Formal reconstruction of MCL (Tommy Jones Procedure) involves open surgical procedure and is limited to the athlete who wishes to return to same level of competition and has failed conservative management (67).
Unlike simple dislocations the presence of an associate fracture will normally mandate surgery. The Wrightington classification categorises these injuries and provides treatment algorithms based on the previously described three-column model of fracture dislocation instability (see algorithm, Figure 11).
Wrightington Type A
Type A fractures may result in a very small anteromedial facet fragment. Stability may be restored by fixing the lateral ligament only, but if instability persists bony fixation is mandatory. Repair of pMCL may be required if instability remains (Figure 7). Management of patients who develop VPRI, due to neglected injuries, ranges from non-operative management to LLC reconstruction and +/− reconstruction of the antermedial facet of the coronoid with a graft. Non-operative management is indicated in patients with no medial collapse of ulnohumeral joint space, no lateral gapping, and a firm endpoint in varus stress. Weekly radiographs are indicated for the first 3 weeks followed by another radiograph at 6 weeks interval to confirm maintenance of alignment and rule out any collapse. ROM exercises in the supine position are started early and progressive stretching is started at 6 weeks (38,48,68,69).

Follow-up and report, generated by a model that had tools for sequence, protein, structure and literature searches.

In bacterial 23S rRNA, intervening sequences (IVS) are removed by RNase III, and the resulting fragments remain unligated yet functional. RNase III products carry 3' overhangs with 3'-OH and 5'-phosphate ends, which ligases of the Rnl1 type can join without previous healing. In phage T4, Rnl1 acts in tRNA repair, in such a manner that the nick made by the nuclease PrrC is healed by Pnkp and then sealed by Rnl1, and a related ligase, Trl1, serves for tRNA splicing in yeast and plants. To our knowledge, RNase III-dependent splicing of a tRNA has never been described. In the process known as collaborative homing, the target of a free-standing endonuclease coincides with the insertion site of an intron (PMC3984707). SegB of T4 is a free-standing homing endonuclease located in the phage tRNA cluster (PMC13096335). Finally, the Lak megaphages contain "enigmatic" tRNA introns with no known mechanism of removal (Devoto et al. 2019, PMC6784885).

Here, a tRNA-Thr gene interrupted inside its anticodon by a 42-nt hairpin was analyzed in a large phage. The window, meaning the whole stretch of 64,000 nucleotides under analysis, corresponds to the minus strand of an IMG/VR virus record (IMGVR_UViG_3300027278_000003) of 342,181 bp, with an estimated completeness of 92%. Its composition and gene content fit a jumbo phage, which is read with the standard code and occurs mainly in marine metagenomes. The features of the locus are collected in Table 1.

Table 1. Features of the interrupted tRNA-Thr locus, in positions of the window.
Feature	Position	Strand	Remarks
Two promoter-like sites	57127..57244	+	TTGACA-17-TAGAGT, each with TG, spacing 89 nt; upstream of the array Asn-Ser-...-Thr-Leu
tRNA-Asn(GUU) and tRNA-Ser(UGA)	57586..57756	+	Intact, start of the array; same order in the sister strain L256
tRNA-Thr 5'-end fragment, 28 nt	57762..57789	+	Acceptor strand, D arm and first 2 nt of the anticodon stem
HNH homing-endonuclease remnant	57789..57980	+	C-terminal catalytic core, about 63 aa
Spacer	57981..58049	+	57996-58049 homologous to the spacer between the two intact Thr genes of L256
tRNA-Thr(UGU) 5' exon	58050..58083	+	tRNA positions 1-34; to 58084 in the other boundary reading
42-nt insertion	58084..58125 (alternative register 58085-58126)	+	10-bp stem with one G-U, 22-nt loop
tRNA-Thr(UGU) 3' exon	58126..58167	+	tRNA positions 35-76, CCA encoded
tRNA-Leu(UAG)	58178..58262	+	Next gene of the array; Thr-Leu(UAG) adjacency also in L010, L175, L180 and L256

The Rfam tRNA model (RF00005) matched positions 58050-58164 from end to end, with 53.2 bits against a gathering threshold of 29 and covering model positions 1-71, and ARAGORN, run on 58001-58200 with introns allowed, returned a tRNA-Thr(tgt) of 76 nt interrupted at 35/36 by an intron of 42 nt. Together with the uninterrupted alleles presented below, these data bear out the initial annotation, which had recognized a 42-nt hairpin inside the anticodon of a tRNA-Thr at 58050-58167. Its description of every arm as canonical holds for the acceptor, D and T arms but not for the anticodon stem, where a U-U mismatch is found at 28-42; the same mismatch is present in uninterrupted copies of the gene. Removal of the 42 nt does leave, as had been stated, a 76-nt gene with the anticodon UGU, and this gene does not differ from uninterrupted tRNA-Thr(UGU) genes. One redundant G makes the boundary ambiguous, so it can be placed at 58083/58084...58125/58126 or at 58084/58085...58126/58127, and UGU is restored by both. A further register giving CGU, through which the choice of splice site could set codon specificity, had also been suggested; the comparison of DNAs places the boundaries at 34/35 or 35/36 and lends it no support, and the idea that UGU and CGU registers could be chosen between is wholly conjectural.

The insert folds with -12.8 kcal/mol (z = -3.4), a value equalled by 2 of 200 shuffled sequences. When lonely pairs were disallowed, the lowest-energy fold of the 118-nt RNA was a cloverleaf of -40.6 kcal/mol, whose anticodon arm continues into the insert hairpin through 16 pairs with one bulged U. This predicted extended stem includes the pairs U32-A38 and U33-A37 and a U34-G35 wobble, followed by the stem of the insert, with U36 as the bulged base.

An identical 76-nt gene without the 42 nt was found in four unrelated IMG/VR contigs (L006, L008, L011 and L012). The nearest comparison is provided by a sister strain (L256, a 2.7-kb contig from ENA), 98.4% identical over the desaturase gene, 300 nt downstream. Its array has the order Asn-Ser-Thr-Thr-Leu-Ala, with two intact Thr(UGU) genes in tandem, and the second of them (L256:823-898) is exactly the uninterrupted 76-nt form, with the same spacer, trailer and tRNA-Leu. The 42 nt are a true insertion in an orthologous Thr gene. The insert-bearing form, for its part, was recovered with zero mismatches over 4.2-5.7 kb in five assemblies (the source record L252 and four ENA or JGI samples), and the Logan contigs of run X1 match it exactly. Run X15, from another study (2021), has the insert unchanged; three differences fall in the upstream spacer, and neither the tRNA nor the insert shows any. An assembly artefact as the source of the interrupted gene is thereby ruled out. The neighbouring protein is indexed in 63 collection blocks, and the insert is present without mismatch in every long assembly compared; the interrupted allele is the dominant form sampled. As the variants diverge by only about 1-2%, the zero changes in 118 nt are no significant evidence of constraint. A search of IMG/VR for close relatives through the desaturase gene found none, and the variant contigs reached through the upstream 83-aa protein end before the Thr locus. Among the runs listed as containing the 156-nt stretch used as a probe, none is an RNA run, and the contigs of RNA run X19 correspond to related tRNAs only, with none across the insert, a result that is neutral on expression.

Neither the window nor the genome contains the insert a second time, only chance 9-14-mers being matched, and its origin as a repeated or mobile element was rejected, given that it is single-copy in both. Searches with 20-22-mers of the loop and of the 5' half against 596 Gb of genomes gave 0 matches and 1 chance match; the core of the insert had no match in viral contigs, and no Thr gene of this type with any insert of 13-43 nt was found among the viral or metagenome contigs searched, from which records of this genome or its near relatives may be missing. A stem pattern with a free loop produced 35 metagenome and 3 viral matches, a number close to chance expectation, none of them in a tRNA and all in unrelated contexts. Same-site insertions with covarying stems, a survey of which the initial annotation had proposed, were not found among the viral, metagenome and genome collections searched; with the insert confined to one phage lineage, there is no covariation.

Surgery is recommended if subluxation or dislocation is seen, if the varus stress radiographs are positive, or clinical symptom of grinding or instability is observed when flexing the elbow in the horizontal plane with the shoulder abducted 90 degrees.
Surgical treatment aims to restore elbow kinematics with the aim of preventing chronic varus instability and the onset of early osteoarthritis. Conventional open approaches require extensive anterior capsular detachment to gain exposure and compromise vascularity and fixation. Arthroscopically assisted fixation allows for anatomic repair without extensive soft tissue dissection (70). This involves arthroscopic fixation of the coronoid fracture with a threaded 1.2 mm k-wire or cannulated screw from the dorsal surface of ulna into the coronoid. This can be facilitated by a tip aiming ACL guide. The pMCL repair is needed for cases with residual instability after LCL and anteromedial coronoid facet fixation (38,48).
Wrightington Type B